In fact, it was the first song I ever sang at karaoke. And, no, you don’t get to hear that.
I feel somewhat bad about this post, because I feel I should have something more to say. But I don’t really have anything complex or profound to say about the songs themselves, or the movies themselves. They are what they are! Much as I may love analyzing things to death and back, some things are somewhat monolithic in my mind, and Star Wars and The Beatles are among them. I’ll savor the minutia I pick up on, but I don’t always try to pick everything apart, weigh it, qualify it, justify it. I allow it, and my enjoyment of it, to exist unquestioned. And there are bits that make me grin, if not laugh, every single time, no matter how many times it’s been. I’m glad enough of that; I’d hate to kill the jokes for good and all.
But I can question why I have that approach, of course! And my best guess is not just that I was entranced by Star Wars, growing up, or that I also grew up feasting on a rich and steady diet of oldies (including an acceptable parts per million of Beatles.) But it’s also that both movies gave me some small, scrabbling fingernailhold on social relevance, back in the dark days of late elementary school and junior high. They gave me some common ground with friends, or at least with people that I hoped I could get away with calling “friends.” (I was used to social interactions that were asymmetrical, to say the least.) But those movies were somewhat off the radar, at the time. It was still shameful to be too much a nerd, back then; there weren’t many who’d openly admit to liking Star Wars, Star Trek, or anything else old or uncool. Sharing an open fondness for these things created a camaraderie, a sense of being brothers in (pasty, noodly) arms. A social… not relevance, really; perhaps mere presence, which was otherwise unattainable. I had Things In Common with people, and they would actually talk to me about those Things! It was a whole new world, I tell you.
Though these movies and these songs are still nearly timeless presences in my life, there is still some sense in which they’re never as vibrant as they’d been back then, back when it was us against the world — or, well, me and those people that acknowledged me against the world, not exactly like a team or anything, but, you know, headed the same general direction, coincidentally, for now.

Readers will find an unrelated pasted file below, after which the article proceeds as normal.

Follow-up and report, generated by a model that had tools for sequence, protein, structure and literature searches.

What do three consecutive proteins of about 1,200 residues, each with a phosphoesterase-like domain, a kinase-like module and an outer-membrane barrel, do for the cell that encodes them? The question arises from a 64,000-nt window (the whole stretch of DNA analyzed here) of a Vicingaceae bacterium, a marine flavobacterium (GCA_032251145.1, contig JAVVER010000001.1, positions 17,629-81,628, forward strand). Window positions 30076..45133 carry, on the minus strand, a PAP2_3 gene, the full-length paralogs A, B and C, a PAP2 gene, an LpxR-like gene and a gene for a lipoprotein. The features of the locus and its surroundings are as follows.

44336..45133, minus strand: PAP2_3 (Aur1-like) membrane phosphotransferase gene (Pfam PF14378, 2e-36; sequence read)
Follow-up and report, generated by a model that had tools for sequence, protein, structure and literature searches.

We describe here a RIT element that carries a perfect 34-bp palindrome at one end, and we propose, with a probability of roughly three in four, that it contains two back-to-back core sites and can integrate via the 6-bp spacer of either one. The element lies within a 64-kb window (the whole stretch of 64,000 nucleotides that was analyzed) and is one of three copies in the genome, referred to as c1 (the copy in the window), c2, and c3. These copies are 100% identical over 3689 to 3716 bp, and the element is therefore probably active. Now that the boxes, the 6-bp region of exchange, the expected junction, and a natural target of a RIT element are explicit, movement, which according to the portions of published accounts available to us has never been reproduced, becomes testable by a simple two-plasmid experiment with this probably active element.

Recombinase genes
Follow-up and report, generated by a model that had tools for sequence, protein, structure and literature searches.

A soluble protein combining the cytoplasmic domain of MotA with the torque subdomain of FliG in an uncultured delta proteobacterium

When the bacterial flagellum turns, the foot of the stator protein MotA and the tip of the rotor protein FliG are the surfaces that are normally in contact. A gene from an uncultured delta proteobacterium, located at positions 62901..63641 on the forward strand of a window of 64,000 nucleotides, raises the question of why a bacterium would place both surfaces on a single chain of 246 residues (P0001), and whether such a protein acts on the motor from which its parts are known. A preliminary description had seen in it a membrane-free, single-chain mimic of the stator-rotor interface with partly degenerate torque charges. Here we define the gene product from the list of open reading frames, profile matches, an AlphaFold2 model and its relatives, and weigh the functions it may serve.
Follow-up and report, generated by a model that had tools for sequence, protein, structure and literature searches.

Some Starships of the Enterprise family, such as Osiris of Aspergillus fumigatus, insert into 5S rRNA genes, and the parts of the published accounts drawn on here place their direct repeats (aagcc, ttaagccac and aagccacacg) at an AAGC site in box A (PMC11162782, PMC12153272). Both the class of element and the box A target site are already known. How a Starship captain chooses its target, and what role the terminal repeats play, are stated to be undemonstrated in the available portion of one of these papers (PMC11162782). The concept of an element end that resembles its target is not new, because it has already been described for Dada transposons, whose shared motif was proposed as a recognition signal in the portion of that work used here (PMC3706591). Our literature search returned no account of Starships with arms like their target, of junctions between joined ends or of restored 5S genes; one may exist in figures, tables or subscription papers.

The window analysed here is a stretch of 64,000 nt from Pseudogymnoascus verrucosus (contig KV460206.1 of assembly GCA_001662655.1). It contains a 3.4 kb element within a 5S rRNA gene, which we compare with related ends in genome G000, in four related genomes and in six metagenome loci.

Indeed, “for then,” for the most part; the last I’d heard, one of them became a real estate agent and the other joined the Peace Corps, and both are somehow married, and the world still seems a little upside-down for it, because apparently they figured out how to stop being awkward adolescent nerdlingers, and here I am in my underwear watching Buffy the Vampire Slayer and eating a Christmas Tree Cake that had fallen behind the microwave.
But I do still keep in touch with the other of that strange small crowd, who’s in much the same odd boat, and who’s proved a more genuine and longstanding friend than any I’ve had. There’s a delightful sense in which we’ve just been having the same single, sprawling conversation for a couple decades now, with occasional brief interruptions to go to the bathroom or go to bed or have a shitty relationship for a few years. But the conversation always picks up again later, no need for “Hello” or “How are you,” just back into the swing of discussing whatever bits of music or movie or TV or life we care to discuss.
Like those movies themselves, it’s a comforting, familiar presence that can improve any sort of day, one which always elicits a grin at the least, which I enjoy just as it is, and which I don’t tend to question. Is that profound, or just really myopic? I don’t know. (Third base.)